U.S. Pat. No. 4,856,791 to McQuade describes a protective mat assembly that employs a sheet of elastomeric material and a cellular foam substrate mounted to a rigid panel. Projectiles which strike the assembly impact against the plate and projectile fragmentation is contained within the assembly. Although the McQuade-disclosed device does not require a box-shaped container, it has the disadvantage that it allows the projectile to fragment. When a projectile, such as a bullet fragments, it disperses its constituents. In the case of bullet, this means that lead is dissipated into lead dust which is a recognized environmental hazard. Shooting ranges that have backstop assemblies that allow fragmentation of the bullet must hire hazard treatment personnel to periodically remove the lead dust. This is very expensive. Thus it would be a clear advancement in the art to provide a low-cost backstop assembly which did not allow a projectile, such as a bullet to fragment.
It is known to layer strips or plates, one behind the other. One such arrangement is described in German patent publication DE3900-864 A1. The individual strips are inclined to define direction and may be turned over and slid mechanically to alter their angle to the firing direction and reversed over time. German patent publication DE4022-327 A1 shows a similar arrangement but the strips appear to be normal to the firing direction. In either case, the mats or strips must be periodically replaced and are expensive to manufacture and replace.
Clearly there is a need in the art for a low-cost backstop assembly that introduces no lead dust and requires no expensive lubricating or agitating equipment. Further, it would be advantageous to provide such a low-cost backstop assembly not requiring containing means or a projectile receiving medium separate from a medium used to slow and capture a projectile.
To overcome the disadvantages of the prior art described above, and in view of disadvantages that will become more evident in view of the detailed description below, a backstop assembly for receiving a projectile shot by a shooting instrument, spaced a distance from a shooting-area floor is disclosed. The backstop assembly comprises a plate or substantially planar member that is inclined at a predetermined non-normal angle to the shooting-area floor. Loose resilient particles are distributed over the top face of the inclined planar member and accumulated to a predetermined height. The loose resilient particles receive, slow-down, and capture fired projectiles without the need for a separate enclosing container or a separate medium covering the loose resilient particles.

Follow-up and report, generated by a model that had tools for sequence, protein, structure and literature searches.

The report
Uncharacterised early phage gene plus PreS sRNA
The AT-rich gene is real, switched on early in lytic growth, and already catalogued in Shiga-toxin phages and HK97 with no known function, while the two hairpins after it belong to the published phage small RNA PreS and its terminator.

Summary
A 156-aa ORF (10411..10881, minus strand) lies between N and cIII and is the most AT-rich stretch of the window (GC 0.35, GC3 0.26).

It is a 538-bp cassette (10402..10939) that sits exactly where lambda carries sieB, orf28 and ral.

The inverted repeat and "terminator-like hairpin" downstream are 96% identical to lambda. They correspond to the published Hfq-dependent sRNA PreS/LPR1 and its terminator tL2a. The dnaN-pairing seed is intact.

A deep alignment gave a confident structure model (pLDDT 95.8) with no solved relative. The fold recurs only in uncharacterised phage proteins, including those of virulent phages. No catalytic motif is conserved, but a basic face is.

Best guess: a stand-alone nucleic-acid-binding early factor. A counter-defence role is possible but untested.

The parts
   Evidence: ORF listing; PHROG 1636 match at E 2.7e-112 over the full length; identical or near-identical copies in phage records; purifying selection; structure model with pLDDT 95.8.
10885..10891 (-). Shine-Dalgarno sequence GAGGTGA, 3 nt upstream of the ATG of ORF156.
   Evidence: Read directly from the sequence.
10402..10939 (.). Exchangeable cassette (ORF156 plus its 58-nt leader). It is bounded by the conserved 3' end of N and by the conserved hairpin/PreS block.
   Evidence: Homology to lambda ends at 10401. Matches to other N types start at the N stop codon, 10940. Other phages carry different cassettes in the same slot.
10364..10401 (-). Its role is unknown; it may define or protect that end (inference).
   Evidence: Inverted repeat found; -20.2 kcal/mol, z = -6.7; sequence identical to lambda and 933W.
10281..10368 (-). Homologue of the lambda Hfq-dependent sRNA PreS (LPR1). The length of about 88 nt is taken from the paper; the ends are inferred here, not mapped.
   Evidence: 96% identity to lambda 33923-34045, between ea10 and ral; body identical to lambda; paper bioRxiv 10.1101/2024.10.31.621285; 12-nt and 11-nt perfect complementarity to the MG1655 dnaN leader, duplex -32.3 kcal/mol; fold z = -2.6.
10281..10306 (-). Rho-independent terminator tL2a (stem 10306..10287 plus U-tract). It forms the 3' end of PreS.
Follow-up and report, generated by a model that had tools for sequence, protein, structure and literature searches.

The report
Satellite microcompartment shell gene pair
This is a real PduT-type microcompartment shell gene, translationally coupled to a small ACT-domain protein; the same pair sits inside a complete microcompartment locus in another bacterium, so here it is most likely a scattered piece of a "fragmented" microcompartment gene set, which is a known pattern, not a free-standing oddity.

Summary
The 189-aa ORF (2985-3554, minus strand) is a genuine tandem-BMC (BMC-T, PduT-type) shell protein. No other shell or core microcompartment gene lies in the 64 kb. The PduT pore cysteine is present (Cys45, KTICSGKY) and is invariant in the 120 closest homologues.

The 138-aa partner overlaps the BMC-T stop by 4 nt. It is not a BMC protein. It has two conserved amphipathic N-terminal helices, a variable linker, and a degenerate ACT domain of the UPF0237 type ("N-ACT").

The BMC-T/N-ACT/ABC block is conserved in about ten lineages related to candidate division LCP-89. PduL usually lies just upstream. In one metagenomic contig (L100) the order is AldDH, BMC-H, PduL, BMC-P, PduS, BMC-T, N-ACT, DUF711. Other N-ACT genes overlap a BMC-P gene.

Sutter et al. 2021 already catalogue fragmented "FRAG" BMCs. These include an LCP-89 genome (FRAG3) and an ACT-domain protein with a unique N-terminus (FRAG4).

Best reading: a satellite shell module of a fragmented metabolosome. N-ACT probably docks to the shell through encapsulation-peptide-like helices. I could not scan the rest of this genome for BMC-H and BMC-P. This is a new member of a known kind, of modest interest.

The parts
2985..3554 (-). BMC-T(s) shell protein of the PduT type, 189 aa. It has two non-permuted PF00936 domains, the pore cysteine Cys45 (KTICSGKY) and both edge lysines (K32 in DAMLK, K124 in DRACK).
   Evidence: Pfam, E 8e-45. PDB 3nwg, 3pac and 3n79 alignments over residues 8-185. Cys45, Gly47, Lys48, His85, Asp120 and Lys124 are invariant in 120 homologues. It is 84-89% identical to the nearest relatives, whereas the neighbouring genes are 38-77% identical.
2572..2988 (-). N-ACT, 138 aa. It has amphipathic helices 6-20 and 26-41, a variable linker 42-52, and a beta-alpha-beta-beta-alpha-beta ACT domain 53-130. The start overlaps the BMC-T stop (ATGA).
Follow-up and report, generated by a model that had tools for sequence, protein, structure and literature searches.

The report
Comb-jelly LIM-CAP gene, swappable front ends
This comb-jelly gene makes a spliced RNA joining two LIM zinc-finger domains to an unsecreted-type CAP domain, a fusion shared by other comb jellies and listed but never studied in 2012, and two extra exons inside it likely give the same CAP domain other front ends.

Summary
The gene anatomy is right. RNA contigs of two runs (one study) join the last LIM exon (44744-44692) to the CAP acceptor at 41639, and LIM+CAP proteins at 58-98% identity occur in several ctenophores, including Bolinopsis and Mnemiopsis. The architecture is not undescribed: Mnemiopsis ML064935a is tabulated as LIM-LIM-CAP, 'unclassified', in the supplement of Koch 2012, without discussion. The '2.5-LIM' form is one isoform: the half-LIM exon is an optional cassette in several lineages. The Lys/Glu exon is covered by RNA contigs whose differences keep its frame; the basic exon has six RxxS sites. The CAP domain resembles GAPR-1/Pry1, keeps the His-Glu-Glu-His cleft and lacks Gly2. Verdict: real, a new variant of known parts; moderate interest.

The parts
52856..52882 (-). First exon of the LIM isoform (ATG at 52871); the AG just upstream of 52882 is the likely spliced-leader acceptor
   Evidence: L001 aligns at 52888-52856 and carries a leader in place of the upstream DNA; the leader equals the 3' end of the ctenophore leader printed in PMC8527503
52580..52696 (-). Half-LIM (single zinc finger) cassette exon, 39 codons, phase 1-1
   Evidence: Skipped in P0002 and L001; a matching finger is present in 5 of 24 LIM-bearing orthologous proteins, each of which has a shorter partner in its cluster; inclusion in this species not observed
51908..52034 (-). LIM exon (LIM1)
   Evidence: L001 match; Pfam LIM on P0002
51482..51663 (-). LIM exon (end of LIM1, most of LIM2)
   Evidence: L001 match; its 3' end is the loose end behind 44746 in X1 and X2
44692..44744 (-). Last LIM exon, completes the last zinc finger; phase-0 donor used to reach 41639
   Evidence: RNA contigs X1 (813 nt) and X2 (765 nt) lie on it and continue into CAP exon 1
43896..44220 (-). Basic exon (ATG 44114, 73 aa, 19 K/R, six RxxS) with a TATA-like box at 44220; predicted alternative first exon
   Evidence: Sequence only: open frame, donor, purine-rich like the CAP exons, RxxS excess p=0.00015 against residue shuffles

This invention provides the advantage of a simple, low-cost device for effectively slowing down and capturing projectiles, such as bullets. The resilient particles allow such a bullet to be captured without striking any objects harder than the bullet itself. The bullet is not fragmented and the metal portion remains whole. Thus, another advantage of this invention is that lead dust does not contaminate the environment. A further advantage of this invention is that the bullets may be mined periodically for the value of its metal portion. For example, copper is often used for its desirable characteristics and it has high recycling value.
In one preferred embodiment, the inclined plate is inclined on a support structure such as a steel channel frame structure. In this embodiment, the inclined plate is preferably composed of steel. The height of the rubber may be selected for the caliber of projectile bullets being fired. The resilient particles preferably have some elastomeric properties such as rubber. The inventors have discovered that pure rubber such as rubber retained by cutting automotive tires, such as truck tires, offer particular advantages. Particular advantages may be realized if fibers such as nylon or steel are removed from the rubber before it is used in the backstop assembly. In this way, there is no danger of igniting such fibers or causing inadvertent fragmentation of the bullet.
Another alternative of embodying the invention is to provide a concrete inclined plate disposed on a dirt berm or hill and then covered with the loose resilient particles.
The foregoing, together with other features and advantages of the present invention, will become more apparent and be better understood in referring to the following specification, claims and accompanying drawings.
For more complete understanding of the present invention, reference is now made to the following detailed description of the embodiments illustrated in the accompanying drawings in which identical numbers and various views represent the same or similar elements, and wherein: